I was once told that I would outlive several horses, and a host of dogs. It is a fact of life that different species have longer or shorter lifespans. A dear friend and mentor recently experienced the loss of a really fine old horse. He was a lesson horse, on whom I did my first flying changes among other things. He was also the horse that she earned her silver dressage metal on. He will be missed by many, her students, her family and friends. But we will move on, we will remember him and we will honor him in our work with young horses and young riders. He will be in our minds and the lessons we learned on him and from him will be valued. While this has a sad overtone, it is necessary that we experience these times of loss to perhaps make us more aware of the moments that we share with each other and with our critters. Maybe we will be a bit gentler and more appreciative sometimes as we realize that as these moments of togetherness passed by, there may not be another, so we cherish and savor the times we share. Maybe we can slow down a little, and we can take time to just hang out with no specific purpose, only a rub of a wither, or gifting a carrot or horse cookie. Then we might even try hanging out with each other, and enjoy our time together.
“Time is an endless succession of nows”
say the existentialists. So we need to laugh more, love more, dance more, and take things a touch less seriously. After all life is only a temporary condition. Smile, it improves your face value, and learn a new joke every day “ A horse walks into a bar. The bartender says “so, why the long face?’”
See you next week.
Summertime is gazpacho time! What is gazpacho you say? Well, it is a Spanish invention to use up all those homegrown tomatoes you can’t give away before they go bad, and it’s a cool alternative to slaving over a hot stove! Plus, if your laundry detergent is doing the same thing to your clothes as mine (all my clothes are shrinking!) you are looking for reduced calorie answers! It’s cold tomato soup.
It probably is better to peel the tomatoes, by dropping them in boiling water for a minute to slip their skins off the easy way. Then with your blender grind up tomatoes, green bell peppers, onions, garlic, cucumbers, olive oil and ice water with salt. I use about 3 to 5 tomatoes, half an onion, a peeled seeded cucumber, a couple cloves of garlic and one green bell pepper. Then drizzle in a few tablespoons of olive oil, a cup of ice cold water, and salt to taste. Put the purée in the fridge for an hour or so, then when you come in from sweating and the barn, pour a cup, sit down in your favorite rocking chair in the breeze on the porch and sip it. You will be rejuvenated! Play around and experiment with the recipe, make it your own.
When we went to Fort Davis, to ride in 4 July parade, we ride in Costume representing 1874, the last heyday of the fort, during the Apache Indian campaign. At that time the 10th cavalry, “buffalo soldiers. “ were billeted there. The soldiers were African-Americans, who had earned great respect from their white officers, as well as from the Apaches whom they were attempting to relocate to reservation lands. The ladies in the parade ride side saddle, representing 19th century officer’s wives, on their gaited (Peruvian) horses. Meanwhile, yours truly was asked to ride in the color guard as a cavalry non-commissioned officer. The good news is that since fort Davis is a Mile High city, the temperature on 4 July is way below the Texas average for the day. This is good news why? Because the uniform of 19th-century cavalry is heavy wool! But that’s not all. The saddle is a McClellan( I think it should actually be called Machiavellian.) I have enormous sympathy for the masses of fine men who spent hours a day subjecting their backsides to this torture device! After only a few hours I had a firm grasp of the reason for cavalry sergeants being referred to as “hard asses! “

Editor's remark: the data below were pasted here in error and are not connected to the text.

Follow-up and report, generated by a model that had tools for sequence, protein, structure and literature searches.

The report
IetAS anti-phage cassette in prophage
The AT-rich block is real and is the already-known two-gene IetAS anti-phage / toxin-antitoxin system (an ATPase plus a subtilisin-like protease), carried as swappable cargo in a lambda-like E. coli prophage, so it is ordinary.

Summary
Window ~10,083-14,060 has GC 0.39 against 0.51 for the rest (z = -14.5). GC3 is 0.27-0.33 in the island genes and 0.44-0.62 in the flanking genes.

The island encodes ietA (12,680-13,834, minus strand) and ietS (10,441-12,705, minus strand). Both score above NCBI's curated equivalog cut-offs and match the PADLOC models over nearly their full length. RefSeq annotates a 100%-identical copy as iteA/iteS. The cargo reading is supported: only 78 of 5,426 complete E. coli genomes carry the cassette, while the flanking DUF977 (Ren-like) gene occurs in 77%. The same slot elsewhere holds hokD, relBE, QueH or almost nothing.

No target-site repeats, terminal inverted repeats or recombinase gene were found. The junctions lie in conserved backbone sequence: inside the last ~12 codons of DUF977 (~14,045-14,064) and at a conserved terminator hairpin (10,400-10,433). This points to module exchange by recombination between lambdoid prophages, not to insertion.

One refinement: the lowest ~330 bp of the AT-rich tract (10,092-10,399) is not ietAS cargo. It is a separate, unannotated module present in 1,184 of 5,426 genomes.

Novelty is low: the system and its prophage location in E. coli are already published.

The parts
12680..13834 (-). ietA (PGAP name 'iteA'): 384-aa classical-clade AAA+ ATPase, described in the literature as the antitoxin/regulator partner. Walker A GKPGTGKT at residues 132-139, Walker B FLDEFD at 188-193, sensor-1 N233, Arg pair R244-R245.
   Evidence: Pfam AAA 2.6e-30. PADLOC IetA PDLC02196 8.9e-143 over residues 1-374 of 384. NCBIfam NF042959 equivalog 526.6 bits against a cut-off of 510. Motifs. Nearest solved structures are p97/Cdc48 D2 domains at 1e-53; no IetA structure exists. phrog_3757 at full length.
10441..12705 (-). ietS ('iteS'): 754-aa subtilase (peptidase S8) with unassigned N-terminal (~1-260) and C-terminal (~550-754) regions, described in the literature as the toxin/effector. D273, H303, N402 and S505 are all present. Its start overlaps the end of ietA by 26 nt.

Then to top it off, I’m wearing a helmet which is of the design of the German hussar, which clamps the head in a vice, and I am carrying a sword of 10 pounds (cavalry saber) in one hand, while managing a nervous parade horse with the other. If I didn’t already have a healthy respect for the men who wear the uniform in defense of our country, I would certainly have it by now. Long before facing any combat, they are suffering inhumane clothing, equipment, and saddles. It reminds me of the saying “keep your eye on a star, your ear to the ground, and your nose to the grindstone… Now try to work in that position!”
From Denver we will go to Imperial, Nebraska with friends. There, cattle and corn are the real world. We talked with a gal last night who is a neighbor of our friends. She and her husband farm and ranch a little ways east of imperial. She was surprised to find that we raise Corriente cattle, because they do also. We talked about how wonderful they are, and how easy they are to manage! They have even been using some for beef, and she says the Angus crosses are delicious. So now, no longer are they only ropers and sport cattle, but Corrientes could be the next low-cholesterol beef! We also shared stories about how we do the cow work at our ranch. It turns out that we are not the only ones who have returned to The old-fashioned “rope and drag to the fire ” roundup. She said they have no trouble getting neighbors to gather for old time roundups, and that part of Nebraska is loaded with good ropers. The work is easier on the cattle, good exercise for the horses, and a heck of a lot more fun, to say nothing of the fact that it’s cheaper! Sometimes it’s better to slow down and smell the cow poop!